Positive two-year results from a prospective multicentre premarket study including 25 patients treated with the Nexus aortic arch stent graft (Endospan) were presented today at the 2019 Vascular Interventional Advances conference (VIVA) in Las Vegas, USA (4–7 November).
Technical success was achieved for all intended Nexus introductions and deployments (100%). At 30 days, two (8%) patients died from cardiac causes and two (8%) patients showed nondisabling stroke, which resolved completely within 30 days.
During a mean follow-up of 25 months, there was one additional procedure-related mortality from stroke, and one patient was converted to open surgery following retrograde type A dissection. During follow-up, aneurysm size decreased or remained stable in 96% of the patients, with no aneurysm-related deaths.
All patients had aneurysm size > 55 mm and were considered high risk for conventional open arch surgery by a multidisciplinary team. Indications for treatment were aneurysm (15 [60%] patients) or dissection (10 [40%] patients), including seven patients previously treated surgically for type A dissection. Thirteen (52%) patients had prior thoracic aortic surgery. Supra-aortic bypasses were performed prior to Nexus implantation.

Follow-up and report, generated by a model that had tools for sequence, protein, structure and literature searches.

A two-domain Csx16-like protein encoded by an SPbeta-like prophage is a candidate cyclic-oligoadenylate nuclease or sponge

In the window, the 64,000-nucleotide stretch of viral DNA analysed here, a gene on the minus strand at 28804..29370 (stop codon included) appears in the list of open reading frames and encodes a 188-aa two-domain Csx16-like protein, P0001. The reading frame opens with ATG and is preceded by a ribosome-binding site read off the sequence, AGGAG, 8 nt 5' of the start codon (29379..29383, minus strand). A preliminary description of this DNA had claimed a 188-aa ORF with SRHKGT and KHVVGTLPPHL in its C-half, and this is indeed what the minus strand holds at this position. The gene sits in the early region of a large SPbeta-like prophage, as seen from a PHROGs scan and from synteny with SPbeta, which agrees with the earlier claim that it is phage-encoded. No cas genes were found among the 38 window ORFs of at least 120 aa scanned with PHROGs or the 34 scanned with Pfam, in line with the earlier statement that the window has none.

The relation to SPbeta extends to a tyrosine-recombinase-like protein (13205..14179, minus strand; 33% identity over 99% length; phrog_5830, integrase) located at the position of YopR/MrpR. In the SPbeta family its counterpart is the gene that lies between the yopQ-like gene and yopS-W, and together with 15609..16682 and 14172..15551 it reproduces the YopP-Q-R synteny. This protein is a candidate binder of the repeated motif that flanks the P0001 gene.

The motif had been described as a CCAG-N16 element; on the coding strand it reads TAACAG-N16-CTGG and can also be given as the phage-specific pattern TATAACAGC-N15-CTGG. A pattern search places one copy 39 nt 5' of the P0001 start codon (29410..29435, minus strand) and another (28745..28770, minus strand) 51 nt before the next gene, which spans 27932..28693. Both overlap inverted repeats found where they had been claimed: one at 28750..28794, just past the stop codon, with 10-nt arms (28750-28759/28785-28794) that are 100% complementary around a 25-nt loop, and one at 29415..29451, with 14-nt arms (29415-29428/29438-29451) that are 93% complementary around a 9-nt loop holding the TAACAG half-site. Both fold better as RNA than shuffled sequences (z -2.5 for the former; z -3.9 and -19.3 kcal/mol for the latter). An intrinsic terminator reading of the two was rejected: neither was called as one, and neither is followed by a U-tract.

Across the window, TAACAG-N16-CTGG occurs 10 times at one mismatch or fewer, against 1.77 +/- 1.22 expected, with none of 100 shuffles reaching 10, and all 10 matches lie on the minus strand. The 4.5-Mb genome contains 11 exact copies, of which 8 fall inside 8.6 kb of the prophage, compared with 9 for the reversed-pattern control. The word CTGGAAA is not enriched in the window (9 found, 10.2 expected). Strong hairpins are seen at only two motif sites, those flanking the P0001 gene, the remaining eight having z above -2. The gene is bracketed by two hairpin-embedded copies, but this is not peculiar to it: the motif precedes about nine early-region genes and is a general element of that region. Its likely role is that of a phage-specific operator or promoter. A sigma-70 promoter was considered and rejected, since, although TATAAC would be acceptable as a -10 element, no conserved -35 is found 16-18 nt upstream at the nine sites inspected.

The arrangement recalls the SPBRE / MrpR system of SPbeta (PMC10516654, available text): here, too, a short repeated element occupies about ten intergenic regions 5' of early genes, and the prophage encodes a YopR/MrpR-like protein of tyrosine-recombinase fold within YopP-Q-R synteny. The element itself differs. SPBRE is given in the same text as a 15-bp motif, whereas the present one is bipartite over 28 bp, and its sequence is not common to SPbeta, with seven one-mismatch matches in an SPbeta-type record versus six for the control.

Mid-term results at a mean 25-month follow-up are stable without any material failure or stent graft issues. However, more experience and longer follow-up are necessary to confirm these promising mid-term results.
The off-the-shelf Nexus system is the first CE mark–approved branched stent graft for the aortic arch. Design features that assist in minimizing manipulations may explain the high technical success, low rate of neurologic complications, and durability, allowing safe endovascular repair.
Nexus is a modular stent graft introduced via a 20-F delivery system with double flushing ports, which allows efficient de-airing. The main module is deployed over an axillofemoral guidewire to extend from the brachiocephalic trunk to the descending aorta and is combined with a precurved ascending module that conforms to the ascending aorta.